CFPB: lenders engaged in redlining, reported bad data

Agency identified "redlining," violations of the Truth in Lending Act, data disclosure errors

The Consumer Financial Protection Bureau (CFPB) is tightening the screws on mortgage servicers and originators that violate consumer protection laws.

The watchdog agency found that lenders engaged in deceptive business practices, including violations of the Truth in Lending Act and the Equal Credit Opportunity Act, and provided inaccurate data on mortgage loans. The agency did not name the lenders or servicers it examined, and did not levy any fines or penalties.

The CFPB said one lender — which raised red flags when it received fewer applications from minority neighborhoods — engaged in “redlining.” In the lender’s direct marketing and open house materials, the models were white. The lender’s offices were concentrated in white neighborhoods, and nearly all of its loan officers were white. The CFPB also found that loan officers sent internal emails “containing racist and derogatory content.”

The lender will take action to correct the violations, which the CFPB is still reviewing.

The CFPB also identified “widespread errors” in lenders’ data disclosures. Financial institutions flubbed the credit scoring, rate spread and debt-to-income data fields on their home mortgage disclosure act. Those institutions will have to correct and resubmit their disclosures.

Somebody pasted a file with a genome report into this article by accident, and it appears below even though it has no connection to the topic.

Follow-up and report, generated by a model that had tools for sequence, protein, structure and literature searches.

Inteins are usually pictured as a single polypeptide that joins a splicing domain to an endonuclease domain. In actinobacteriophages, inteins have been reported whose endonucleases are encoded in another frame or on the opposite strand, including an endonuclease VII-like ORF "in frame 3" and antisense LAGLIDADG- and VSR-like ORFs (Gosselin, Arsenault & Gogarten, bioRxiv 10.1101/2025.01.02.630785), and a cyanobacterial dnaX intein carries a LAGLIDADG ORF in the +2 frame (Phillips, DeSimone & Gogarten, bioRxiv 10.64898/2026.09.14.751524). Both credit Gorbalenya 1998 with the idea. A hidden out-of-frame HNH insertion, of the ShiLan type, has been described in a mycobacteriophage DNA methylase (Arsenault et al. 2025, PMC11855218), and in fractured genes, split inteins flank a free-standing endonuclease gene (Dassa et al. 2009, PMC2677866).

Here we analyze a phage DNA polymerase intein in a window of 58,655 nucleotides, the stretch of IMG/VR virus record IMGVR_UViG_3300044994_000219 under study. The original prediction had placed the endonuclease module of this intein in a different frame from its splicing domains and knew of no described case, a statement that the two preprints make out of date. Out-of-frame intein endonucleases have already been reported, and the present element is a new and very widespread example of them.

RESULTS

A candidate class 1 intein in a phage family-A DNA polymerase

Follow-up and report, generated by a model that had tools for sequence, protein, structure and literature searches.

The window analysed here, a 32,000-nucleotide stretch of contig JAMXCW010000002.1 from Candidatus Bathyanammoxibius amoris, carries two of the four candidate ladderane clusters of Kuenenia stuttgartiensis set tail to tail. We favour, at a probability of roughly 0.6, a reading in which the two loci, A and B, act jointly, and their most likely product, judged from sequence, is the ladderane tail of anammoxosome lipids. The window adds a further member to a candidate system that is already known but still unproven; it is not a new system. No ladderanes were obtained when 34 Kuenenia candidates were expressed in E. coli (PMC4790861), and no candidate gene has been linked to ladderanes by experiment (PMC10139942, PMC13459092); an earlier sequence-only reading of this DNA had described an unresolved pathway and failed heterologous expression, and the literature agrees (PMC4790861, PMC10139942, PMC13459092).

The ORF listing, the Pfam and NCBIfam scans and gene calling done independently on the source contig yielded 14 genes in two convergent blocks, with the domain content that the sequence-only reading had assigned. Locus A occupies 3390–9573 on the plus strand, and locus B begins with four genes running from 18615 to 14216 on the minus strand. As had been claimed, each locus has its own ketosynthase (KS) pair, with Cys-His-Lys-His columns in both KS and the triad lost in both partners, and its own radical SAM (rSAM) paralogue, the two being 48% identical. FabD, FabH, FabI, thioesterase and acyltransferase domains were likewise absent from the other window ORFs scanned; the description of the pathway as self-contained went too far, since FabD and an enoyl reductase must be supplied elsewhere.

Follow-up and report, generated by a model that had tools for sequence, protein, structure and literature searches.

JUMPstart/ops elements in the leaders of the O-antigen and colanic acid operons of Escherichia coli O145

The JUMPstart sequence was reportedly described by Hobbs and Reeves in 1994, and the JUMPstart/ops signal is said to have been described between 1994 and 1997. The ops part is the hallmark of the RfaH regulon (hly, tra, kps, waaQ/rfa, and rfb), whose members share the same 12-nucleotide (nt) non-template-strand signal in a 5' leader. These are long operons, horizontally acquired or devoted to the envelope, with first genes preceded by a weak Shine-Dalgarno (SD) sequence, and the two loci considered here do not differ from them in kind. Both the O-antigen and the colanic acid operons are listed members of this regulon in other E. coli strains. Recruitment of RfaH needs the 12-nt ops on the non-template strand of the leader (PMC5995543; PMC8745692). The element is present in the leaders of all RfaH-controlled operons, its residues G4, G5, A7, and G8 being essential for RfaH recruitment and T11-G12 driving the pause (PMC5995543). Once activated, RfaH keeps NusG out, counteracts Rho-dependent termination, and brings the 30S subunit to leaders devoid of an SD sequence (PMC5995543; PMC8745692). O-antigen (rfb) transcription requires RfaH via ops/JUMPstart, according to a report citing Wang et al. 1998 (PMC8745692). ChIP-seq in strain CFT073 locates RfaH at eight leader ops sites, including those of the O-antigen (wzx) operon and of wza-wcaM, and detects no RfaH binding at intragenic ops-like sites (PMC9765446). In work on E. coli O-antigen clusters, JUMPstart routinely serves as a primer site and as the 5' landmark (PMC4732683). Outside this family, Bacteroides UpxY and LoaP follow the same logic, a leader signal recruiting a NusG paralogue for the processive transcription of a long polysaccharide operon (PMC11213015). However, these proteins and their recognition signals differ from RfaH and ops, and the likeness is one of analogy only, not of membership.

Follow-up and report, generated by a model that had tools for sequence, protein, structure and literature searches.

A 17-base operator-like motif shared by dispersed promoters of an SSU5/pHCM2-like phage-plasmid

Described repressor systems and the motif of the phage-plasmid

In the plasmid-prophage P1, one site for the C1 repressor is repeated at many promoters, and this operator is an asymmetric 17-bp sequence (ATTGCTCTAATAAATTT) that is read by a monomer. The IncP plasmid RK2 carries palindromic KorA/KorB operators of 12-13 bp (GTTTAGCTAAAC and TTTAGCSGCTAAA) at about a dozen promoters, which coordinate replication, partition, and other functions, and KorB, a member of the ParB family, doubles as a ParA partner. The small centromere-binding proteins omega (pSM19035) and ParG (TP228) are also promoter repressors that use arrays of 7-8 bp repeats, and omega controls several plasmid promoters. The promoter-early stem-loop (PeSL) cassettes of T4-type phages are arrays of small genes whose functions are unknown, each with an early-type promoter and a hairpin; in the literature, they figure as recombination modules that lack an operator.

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In some instances, the CFPB found that lenders compensated loan originators differently based on the product type — a violation of the Truth in Lending Act. Lenders gave less compensation for bond loans subject to the requirements of a state Housing Finance Agency. 

The watchdog agency found that mortgage servicers violated Regulation X, which requires lenders to provide borrowers with timely disclosures of the real estate settlement process, by filing for foreclosure when it was prohibited.

In some cases, servicers misrepresented the foreclosure timeline to borrowers. Servicers sent letters to borrowers, claiming they would not initiate a foreclosure action until a specified date. Nevertheless, they started foreclosures before that date.

“The inaccurate representations regarding the day foreclosure action would be initiated were likely to mislead borrowers into believing that they had more time until foreclosure than they actually did,” the report notes.

The agency also found that mortgage servicers initiated foreclosures after borrowers had appealed a decision on a loss-mitigation claim. Servicers initiated the foreclosures before making a decision on the appeals one way or another.

Some mortgage servicers didn’t tell legal counsel to pull the plug on foreclosure proceedings until five days after they received a loss mitigation application from borrowers.

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